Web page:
Blog posts coming up:

Captain Kirk vs. Captain Picard! The Editor and I sat down and put these two captains head-to-head to find out who is the best Enterprise captain. Which one was dubbed “kind of a dick”? Which one has the best tricorder flip move? Which one was docked points because they should have blasted Troy out of the airlock because she’s so freaking annoying? Find out!

ALSO!

Gaming Reviews for Girls: SKYRIM! My pen pals asked me what the heck Skyrim is? Their boyfriends/husbands play that “gun shooting gaming thingy” (non-gamer speak for Call of Duty 3) but they don’t know Skyrim. I will review Skyrim for girls who don’t even know what “RPG” and “FPS” means.

Stay updated! Subscribe to my blog using the RSS button on the sidebar or on Twitter.

7 thoughts on “The Mark… and Beyond

  1. I’d be sad to never get to read your book but I think it is important that you write what you are passionate about. If you don’t love it then we, the readers, may pick up on that. I’d rather read a book that YOU love then one that makes you go “meh”. That begin said, I’d really love to get to read The Fourth Channel, even in unedited or unfinished form. Your VYOAs really make me think I’d enjoy it!

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  2. Thanks, Mirwyn! I think some of the issue I’m facing is that my Vote Your Adventure series doesn’t truly reflect my writing. A lot of people have gotten the misconception that I write horror. And I do not. At all. I like things to get intense, but that’s because I enjoy adventure.

    The Fourth Channel will always be near and dear to my heart however, I’m starting to think the opening of the book will take even more gutting than I originally thought. I’ve worked on this book a long time and I’ve decided enough is enough, you know? I want to move on and write something that I can share with the people I love. Maybe someday I’ll fix it up and share, but right now I’m looking ahead at stories I know I can finish and give you.

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  3. I agree with Mirwyn (at this point it’s nearly a reflex, but in this case our opinions really do coincide and I’m not just trying to move on past what color the drapes should be). As someone who’s struggled mightily over what to write and finishing something that just didn’t want to get written, I understand your reasons and support them 1000%. Writing, in the end, is all about you, the author. We readers get to enjoy the fruits of your long labor and sweat and yes, tears, but the work you put into it has to be something you find fun and enjoyable and engaging, or else, as Mirwyn said, it comes through in the writing itself.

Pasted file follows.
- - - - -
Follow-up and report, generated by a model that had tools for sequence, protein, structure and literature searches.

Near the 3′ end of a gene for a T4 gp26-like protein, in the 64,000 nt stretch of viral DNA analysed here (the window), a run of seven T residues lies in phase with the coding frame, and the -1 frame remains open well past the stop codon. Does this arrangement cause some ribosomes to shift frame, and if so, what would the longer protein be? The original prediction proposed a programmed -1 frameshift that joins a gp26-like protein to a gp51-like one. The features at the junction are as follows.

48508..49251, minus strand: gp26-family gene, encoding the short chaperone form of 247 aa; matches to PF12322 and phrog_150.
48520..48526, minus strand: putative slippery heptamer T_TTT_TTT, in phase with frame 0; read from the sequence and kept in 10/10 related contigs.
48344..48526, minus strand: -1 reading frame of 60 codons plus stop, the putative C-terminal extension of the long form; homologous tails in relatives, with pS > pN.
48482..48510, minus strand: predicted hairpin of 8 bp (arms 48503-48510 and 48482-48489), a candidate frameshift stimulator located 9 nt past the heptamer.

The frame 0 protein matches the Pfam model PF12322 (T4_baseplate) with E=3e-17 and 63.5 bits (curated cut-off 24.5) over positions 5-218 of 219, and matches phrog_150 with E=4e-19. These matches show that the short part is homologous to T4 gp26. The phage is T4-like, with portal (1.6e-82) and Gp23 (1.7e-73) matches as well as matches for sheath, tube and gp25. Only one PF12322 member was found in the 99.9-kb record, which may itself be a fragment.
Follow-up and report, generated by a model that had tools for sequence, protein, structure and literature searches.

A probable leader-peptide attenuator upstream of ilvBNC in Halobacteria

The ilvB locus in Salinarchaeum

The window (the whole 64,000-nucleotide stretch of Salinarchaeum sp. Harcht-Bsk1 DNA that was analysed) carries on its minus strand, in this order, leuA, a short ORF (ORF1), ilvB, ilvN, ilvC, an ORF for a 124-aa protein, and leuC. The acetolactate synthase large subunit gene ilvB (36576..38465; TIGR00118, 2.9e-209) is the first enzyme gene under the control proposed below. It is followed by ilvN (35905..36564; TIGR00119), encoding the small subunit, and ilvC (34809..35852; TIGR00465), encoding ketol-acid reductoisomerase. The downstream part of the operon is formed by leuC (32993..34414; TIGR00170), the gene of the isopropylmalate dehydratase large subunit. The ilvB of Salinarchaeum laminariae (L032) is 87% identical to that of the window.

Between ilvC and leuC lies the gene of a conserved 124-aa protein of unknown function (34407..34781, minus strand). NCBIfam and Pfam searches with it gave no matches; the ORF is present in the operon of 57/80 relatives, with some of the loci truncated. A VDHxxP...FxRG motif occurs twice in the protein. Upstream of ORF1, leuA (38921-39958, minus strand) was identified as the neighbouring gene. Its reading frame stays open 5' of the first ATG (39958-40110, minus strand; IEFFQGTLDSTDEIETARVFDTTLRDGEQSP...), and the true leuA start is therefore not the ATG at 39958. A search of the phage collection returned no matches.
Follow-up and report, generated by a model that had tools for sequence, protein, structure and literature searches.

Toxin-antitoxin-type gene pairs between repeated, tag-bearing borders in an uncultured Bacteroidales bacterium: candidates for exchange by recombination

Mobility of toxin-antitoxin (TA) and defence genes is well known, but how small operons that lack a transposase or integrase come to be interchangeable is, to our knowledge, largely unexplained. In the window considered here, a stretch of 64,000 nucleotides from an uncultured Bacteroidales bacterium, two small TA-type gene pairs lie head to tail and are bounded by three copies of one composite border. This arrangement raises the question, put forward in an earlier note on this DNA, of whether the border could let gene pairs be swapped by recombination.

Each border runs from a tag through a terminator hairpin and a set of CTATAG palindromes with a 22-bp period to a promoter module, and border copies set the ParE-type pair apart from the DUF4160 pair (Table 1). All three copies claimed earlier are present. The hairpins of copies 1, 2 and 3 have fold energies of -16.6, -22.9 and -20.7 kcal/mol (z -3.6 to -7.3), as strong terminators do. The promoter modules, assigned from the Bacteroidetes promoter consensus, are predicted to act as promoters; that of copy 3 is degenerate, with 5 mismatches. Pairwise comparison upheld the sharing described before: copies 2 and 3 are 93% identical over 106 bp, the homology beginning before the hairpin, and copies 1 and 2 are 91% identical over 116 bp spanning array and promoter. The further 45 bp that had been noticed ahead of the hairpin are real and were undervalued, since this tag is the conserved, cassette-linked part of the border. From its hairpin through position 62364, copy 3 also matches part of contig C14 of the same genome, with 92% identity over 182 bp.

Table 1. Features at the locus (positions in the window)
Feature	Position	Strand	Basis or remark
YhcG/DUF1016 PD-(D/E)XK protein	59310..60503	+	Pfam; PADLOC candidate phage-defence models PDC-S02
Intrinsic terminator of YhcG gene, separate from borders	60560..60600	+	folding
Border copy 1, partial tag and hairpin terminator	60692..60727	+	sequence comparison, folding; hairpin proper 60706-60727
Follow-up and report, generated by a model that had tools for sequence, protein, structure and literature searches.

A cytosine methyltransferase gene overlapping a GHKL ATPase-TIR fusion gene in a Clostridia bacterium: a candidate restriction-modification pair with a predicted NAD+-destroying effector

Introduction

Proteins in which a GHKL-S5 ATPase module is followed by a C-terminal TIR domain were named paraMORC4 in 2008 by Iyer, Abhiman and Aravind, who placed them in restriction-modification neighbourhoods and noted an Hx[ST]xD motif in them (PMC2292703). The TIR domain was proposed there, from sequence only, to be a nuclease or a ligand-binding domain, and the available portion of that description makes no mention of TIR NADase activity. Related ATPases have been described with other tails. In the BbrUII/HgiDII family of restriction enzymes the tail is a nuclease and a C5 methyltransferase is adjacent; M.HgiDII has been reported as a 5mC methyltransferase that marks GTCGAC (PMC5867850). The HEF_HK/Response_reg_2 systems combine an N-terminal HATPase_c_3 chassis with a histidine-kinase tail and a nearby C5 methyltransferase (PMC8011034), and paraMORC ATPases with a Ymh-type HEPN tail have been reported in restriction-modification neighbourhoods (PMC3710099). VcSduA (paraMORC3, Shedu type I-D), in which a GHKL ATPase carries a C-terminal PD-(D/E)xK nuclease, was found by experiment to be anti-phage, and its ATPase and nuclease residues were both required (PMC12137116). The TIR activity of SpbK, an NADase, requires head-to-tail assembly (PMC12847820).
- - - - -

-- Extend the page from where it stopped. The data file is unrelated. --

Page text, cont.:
As to the Fourth Channel…this is my opinion only, not advice, not remarkable insight, and not worth a crap, since I’m an idiot and anyone who listens to what I say is bound to be doing the wrong thing. But here goes anyway. I think there are two paths you can go. One is to put it away and let it sit there while you work on other projects. Maybe you get back to it, maybe you never do since the pressure of wanting it to be perfect never goes away and its faults magnify in your mind. The other option is to take a deep breath, say Hell With It, and unleash it on an unsuspecting world. It’s not perfect, maybe you aren’t perfectly happy with it, but it’s done. Finished. The weight of it is off your mind. It’ll probably be your worst novel ever, but most first novels are. Maybe over time, with it done and published and out, you can look back on it and say, you know, it isn’t nearly as flawed as I think it is. For me, I look at my first book and say, “Damn that’s an ugly baby.” But it is my baby, and I love every one of its twelve toes and three lazy eyes even as I wish it looked more like, well, human.